Tuesday, November 8, 2011

Virtual Laser Radial

It's time for some real radical virtual Laser Radial sailing. Woohoo. Rise and shine. Yeah! A Laser is the essence of fun watersports. It is simple, fast and fun, and now it is also an Olympic class. Well, in 2012 that is. Besides, it's a radial, so it's just the right size for me.
Just waking up
But let's start with the beginning. I had a good nights sleep. Woke up early. At sunset. Must be those gulls. The water was quiet, and I enjoyed a coffee while watching the sun come up. Obviously, I found the tent. About at tent, - if you wanna get the story from the beginning, then start here: Beginning. You're back? Good.
Ready for action
It's a beautiful day. Good steady wind from the east, - or that's what I thought. More on that in a minute. Pretty quiet water, almost clear blue sky. What's there to say? Let's get out there.
Lift off
The boat looks pretty much like a laser. The sail does too. There are small details missing but the overall impression is pretty Laser-ish. I mean, look at the picture above. If I didn't know better, I'd think it was real. I'd like it to be. The concept of camping on a small island with nothing to do but Laser sailing makes my heart beat faster. Add a few friends, a campfire and a guitar and... well that's it, right?
Sail away
First, the good things. It is easily sailed. There is no onboard compass or wind vane, but there is a small hud  with that information. It works well. Sailing the Laser requires steering, trimming and balancing. Steering and trimming adhere to the (pretty much) standard way of doing things: What makes the Laser Radial stand out is the balancing. The Laser has three different hiking positions.
The wind was very strange, - or so I thought. Turns out the Laser Radial uses SL wind by default. SL wind was - obviously - designed by landlubbers. Not meant for sailboats, windmills, kites, surfers or anything usefull. It goes around and around like 360 degrees in a few minutes. 
I like...
Luckily there was a notecard in the boat, telling me how to switch to WWC wind; Ahh, that's better. Now the wind is stable, but not too stable. It's much better, but there is always a but. It seems the Laser Radial is not entirely WWC compliant. It only uses the wind part. That's really too bad. There is no pitching or rolling caused by waves. There is no current, there is no winddrift, and there is no windshadowing. Not really suited for racing I guess.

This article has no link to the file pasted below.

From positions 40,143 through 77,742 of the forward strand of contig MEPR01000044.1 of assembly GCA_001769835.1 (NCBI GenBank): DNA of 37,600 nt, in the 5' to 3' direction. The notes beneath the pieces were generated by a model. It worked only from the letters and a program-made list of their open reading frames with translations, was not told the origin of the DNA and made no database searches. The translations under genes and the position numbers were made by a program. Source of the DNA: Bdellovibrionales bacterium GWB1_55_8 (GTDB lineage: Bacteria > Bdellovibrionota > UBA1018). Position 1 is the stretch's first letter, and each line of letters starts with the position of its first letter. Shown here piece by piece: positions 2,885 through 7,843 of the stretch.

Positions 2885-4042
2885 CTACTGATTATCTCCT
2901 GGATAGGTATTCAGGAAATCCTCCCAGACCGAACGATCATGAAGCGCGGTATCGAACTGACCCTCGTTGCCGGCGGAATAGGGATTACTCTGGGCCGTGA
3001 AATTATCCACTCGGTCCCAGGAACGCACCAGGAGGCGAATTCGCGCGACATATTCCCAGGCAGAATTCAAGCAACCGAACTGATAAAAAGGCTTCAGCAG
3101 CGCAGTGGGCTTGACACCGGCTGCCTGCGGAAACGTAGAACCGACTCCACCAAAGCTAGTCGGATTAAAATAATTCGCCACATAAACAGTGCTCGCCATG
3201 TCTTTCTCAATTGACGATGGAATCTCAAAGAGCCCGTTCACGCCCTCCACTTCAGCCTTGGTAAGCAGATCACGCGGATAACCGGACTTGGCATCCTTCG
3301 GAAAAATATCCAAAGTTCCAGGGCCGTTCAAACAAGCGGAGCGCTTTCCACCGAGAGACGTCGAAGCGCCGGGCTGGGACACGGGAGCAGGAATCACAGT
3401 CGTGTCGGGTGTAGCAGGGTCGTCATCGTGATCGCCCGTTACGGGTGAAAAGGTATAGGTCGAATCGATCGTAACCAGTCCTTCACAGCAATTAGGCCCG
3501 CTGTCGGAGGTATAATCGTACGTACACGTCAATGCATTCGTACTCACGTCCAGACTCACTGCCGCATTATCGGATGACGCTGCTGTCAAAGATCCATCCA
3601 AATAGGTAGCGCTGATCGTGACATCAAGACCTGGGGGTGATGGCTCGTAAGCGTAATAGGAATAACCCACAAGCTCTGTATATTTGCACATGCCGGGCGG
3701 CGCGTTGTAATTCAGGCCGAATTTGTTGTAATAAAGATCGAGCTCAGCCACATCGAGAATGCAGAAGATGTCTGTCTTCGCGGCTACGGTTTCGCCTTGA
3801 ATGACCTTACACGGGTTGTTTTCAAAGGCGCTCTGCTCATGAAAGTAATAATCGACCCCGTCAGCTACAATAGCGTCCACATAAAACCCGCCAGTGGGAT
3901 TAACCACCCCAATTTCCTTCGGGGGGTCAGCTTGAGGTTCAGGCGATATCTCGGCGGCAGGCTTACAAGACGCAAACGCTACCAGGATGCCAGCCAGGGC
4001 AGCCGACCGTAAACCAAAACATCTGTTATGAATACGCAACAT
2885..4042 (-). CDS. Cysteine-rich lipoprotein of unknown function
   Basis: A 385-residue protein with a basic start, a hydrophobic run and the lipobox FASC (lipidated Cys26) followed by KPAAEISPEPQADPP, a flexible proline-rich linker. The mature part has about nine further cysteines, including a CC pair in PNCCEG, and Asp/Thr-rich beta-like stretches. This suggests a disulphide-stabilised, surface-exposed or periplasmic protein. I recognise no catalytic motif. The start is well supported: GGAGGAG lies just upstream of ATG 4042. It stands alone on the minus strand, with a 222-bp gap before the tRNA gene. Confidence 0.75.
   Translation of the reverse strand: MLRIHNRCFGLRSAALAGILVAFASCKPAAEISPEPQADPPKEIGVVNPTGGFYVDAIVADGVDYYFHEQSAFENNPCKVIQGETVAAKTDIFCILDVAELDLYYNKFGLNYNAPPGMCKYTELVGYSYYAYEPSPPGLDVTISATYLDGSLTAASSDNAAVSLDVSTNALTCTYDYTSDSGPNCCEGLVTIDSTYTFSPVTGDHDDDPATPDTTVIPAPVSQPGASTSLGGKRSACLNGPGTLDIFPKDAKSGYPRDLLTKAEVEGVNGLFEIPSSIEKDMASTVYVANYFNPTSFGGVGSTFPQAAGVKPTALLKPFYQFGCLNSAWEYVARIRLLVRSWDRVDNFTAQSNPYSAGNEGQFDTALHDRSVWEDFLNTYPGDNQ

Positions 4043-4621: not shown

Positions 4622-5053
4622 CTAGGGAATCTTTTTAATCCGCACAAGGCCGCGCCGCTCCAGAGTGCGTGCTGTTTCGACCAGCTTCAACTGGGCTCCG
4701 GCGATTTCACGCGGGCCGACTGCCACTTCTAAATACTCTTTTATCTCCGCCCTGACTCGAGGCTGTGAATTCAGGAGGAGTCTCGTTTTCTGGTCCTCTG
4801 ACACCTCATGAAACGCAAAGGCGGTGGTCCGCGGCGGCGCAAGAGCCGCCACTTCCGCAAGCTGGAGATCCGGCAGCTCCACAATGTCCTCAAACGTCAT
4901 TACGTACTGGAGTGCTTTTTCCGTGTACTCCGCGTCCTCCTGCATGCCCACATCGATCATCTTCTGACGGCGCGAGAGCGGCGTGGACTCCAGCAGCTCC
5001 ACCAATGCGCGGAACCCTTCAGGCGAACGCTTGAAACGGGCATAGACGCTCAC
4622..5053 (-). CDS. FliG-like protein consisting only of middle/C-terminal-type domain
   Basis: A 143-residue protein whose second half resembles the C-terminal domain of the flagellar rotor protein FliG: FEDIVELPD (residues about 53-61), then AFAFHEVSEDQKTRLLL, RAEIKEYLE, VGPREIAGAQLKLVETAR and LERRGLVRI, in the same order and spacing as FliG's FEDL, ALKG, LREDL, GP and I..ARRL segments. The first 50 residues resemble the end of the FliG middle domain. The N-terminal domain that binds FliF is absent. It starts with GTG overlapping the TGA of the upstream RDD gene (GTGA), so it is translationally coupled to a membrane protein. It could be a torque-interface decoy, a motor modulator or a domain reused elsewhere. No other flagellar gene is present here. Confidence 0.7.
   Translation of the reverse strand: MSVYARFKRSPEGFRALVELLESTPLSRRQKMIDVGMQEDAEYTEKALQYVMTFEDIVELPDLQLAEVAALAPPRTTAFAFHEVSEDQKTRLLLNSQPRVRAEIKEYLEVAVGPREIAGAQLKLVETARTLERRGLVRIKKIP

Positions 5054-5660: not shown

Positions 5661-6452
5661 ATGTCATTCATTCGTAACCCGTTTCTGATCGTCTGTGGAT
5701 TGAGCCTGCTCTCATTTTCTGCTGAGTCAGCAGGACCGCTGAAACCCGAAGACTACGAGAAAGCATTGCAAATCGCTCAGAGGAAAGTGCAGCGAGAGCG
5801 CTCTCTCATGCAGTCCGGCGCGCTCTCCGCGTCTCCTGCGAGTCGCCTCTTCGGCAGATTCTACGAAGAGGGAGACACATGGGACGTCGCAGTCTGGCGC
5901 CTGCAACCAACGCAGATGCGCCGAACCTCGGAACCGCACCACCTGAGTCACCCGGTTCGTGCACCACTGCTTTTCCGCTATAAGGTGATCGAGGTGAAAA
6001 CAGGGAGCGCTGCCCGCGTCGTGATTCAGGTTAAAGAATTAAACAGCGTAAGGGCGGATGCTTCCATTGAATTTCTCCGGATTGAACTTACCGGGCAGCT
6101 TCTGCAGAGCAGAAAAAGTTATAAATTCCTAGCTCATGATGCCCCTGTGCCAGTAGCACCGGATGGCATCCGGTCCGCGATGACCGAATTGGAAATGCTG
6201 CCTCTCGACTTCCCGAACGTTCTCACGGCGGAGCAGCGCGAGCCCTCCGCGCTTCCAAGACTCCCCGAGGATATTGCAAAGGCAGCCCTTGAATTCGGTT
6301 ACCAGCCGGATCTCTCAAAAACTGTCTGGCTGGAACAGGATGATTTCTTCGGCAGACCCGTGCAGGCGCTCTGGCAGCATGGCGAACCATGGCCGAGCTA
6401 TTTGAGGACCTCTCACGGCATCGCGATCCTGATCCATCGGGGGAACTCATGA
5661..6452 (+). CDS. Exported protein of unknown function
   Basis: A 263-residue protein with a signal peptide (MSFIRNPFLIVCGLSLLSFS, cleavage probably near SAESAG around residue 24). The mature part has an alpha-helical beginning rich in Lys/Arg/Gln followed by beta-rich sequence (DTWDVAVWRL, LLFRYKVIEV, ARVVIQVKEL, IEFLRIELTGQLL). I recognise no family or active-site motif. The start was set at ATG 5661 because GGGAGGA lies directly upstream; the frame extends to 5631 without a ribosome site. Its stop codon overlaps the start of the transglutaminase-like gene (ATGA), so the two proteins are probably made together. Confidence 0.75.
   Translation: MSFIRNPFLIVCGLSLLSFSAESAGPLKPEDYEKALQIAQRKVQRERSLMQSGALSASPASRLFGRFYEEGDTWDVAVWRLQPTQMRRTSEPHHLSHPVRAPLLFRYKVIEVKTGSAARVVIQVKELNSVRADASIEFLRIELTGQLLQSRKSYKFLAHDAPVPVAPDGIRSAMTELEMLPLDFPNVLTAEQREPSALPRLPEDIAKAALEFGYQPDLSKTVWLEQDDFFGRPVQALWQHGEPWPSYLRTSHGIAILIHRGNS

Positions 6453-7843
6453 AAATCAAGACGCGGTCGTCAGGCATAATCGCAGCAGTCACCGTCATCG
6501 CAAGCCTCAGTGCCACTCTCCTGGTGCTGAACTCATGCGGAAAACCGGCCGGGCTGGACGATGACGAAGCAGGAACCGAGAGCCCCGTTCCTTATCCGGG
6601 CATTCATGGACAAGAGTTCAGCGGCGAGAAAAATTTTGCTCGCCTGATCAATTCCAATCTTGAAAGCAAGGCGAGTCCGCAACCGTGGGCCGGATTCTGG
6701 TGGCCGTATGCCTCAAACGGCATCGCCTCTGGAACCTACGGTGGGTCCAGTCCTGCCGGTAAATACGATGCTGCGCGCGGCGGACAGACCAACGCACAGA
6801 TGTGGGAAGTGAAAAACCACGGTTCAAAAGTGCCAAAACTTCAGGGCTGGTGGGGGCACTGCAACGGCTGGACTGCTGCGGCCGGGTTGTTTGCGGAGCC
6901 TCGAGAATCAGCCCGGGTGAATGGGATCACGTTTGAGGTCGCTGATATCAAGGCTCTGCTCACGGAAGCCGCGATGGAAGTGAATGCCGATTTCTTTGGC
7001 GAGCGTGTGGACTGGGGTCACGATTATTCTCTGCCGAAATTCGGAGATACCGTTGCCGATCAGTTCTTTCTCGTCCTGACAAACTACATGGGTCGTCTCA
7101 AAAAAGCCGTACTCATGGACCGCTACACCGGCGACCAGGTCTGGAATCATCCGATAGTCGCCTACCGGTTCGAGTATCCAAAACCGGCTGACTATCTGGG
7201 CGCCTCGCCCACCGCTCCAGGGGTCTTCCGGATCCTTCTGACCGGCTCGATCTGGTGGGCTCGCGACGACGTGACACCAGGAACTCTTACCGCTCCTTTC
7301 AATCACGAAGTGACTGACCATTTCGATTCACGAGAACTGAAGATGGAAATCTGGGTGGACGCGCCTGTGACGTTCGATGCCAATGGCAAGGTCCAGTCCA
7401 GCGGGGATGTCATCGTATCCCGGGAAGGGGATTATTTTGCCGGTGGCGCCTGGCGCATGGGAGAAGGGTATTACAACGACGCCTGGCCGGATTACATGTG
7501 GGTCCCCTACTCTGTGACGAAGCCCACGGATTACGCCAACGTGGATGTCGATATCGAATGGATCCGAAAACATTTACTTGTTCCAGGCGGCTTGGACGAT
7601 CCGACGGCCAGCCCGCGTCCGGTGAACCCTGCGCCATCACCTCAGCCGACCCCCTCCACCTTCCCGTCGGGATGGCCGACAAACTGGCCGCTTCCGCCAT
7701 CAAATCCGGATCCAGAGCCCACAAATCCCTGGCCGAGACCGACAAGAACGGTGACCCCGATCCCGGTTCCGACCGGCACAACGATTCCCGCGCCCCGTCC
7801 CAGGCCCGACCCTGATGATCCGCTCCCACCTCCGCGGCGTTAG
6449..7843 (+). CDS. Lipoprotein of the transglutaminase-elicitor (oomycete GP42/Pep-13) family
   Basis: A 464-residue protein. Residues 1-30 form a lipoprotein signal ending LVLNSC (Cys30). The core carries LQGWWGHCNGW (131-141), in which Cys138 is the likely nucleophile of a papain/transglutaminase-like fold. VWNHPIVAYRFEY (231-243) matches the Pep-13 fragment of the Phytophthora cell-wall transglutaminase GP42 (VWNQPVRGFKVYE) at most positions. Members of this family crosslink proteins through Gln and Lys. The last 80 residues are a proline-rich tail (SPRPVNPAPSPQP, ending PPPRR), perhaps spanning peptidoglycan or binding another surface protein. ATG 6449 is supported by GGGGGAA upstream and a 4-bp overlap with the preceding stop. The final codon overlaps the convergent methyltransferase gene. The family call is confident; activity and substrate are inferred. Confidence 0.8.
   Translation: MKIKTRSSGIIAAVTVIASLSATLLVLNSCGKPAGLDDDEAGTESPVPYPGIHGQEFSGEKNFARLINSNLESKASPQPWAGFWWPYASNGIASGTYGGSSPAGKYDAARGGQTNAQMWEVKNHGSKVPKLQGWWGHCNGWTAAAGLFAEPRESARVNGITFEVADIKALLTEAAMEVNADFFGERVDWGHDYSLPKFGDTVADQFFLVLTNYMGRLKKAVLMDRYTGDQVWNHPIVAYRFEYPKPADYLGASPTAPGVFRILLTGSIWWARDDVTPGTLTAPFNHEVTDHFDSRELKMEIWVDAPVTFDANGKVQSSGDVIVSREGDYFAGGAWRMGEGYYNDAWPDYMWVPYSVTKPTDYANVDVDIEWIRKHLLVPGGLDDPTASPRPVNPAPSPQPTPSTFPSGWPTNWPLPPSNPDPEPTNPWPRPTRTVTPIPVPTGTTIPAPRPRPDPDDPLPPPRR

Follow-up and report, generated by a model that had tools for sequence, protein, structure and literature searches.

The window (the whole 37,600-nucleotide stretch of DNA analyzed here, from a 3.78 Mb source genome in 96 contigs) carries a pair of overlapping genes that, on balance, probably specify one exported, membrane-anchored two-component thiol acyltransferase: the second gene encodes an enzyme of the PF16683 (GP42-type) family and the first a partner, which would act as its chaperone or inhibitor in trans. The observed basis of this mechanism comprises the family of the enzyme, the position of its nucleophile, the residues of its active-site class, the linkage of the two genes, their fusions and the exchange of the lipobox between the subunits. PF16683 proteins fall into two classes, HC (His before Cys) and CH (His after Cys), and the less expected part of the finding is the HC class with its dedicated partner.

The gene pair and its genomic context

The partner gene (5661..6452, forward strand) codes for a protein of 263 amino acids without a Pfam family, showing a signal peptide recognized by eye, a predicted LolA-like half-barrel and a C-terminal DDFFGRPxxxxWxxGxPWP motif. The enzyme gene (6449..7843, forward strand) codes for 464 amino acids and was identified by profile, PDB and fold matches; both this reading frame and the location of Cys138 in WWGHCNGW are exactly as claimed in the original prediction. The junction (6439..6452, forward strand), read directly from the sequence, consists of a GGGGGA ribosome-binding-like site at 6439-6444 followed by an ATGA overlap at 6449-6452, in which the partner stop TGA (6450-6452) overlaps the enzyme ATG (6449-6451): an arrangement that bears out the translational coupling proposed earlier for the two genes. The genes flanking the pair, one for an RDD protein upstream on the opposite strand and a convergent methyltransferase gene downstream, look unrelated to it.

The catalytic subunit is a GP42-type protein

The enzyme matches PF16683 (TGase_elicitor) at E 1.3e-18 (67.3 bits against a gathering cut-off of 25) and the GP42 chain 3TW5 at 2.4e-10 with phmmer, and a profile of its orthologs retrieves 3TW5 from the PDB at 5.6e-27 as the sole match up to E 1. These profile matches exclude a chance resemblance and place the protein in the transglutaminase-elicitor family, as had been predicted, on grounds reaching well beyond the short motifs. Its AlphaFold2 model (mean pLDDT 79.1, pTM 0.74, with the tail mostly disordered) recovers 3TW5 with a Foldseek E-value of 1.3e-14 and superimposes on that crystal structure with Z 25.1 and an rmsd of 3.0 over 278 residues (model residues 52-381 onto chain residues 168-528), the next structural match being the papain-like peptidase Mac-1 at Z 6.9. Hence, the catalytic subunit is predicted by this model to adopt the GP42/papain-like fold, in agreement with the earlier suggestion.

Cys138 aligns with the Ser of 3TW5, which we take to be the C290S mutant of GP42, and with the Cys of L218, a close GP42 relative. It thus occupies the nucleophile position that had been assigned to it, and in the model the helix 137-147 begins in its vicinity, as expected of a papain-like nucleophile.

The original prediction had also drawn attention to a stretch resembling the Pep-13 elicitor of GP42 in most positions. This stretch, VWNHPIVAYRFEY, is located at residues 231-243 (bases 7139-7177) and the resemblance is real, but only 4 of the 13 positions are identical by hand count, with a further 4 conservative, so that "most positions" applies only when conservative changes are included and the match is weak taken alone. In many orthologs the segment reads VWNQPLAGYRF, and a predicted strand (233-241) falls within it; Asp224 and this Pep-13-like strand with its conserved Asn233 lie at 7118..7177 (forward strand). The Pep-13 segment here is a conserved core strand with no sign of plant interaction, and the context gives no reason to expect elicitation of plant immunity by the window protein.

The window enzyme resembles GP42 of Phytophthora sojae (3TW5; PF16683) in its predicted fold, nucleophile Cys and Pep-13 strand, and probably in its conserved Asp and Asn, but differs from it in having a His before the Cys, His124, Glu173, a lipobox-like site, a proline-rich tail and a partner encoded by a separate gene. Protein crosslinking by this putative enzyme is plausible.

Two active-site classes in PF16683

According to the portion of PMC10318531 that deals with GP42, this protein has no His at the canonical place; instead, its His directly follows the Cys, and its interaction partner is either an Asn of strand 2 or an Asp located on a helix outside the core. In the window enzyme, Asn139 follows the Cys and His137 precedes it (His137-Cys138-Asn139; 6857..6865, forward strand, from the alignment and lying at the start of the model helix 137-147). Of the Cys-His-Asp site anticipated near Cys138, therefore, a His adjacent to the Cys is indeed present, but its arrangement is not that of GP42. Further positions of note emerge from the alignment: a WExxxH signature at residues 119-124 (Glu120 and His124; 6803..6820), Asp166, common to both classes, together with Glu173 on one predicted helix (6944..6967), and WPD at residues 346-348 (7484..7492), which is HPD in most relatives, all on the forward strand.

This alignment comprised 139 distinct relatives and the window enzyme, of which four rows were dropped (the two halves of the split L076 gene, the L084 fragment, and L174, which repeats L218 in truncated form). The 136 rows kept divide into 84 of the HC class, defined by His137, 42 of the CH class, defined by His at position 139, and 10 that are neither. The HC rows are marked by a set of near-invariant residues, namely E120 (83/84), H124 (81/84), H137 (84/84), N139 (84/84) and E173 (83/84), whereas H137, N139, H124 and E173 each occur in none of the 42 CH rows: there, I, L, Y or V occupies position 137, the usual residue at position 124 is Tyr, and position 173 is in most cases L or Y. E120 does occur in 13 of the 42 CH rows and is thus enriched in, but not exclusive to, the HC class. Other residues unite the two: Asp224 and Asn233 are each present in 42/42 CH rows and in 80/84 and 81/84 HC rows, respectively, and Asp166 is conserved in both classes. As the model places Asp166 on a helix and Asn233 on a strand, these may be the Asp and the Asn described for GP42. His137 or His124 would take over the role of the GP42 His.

WWC, Wind, Waves and Current
Sadly, the laser moves pretty much like a Tako, - like a dead duck on a leach.Ok, that's maybe a bit harsh; The Laser Radial isn't a Tako. It is far better and more interesting; Reading the notecard again, the builder positions the Laser Radial as an intermediate boat. Much more advanced than a Tako; Much easier than a Flying Fizz with the dreaded capsize. Maybe that's true, but I'd definately want my Laser to capsize, when I make mistakes. 
Lovely sailing
Another thing... the sails are flat as pancakes. This might not be a problem to non sailors, but if you've ever looked up a real sail to check the shape... flat sails just won't work for you. Check this to see the difference. Being a bit geeky here, but flat sails... I mean, they'd work on a run, but upwind... they need that wing-shape.
Flat sails
There are no sounds either. At all. No sails flapping. No wake, no winchblocks, just complete silence. This kinda breaks the bubble too. The simulation simply has to have sound. Sounds add to realism, but even more importantly the feedback from the sound indicates speed. This adds to the feel, and it reduces the need for instruments. Who would sail a Laser by looking at a panel full of digits?
Let's call it a day
All in all, I was a bit disappointed by the Laser; I don't think I will sail it much, but... it has potential, so I'll write to Santa and wish for an upgrade. If you're new to sailing, the Laser might be a good choice. If you know sailing, then you'd be much better of with a Flying Fizz. Let me just get this thing back up on land and then I'll pack my stuff here; Get back to Tradewinds.


  1. Clicking on all of these "fotos" shows me you have hiking positions on the Laser nailed down! On the Radial: I wish Lasers with shortened masts would have been around when my kids were learning to sail. Anyways, great post!

  2. Thanx Doc, - I had fun writing it; The Radial is maybe still a bit big for kids. I don't think I could have handled a Laser Radial at the age of nine.


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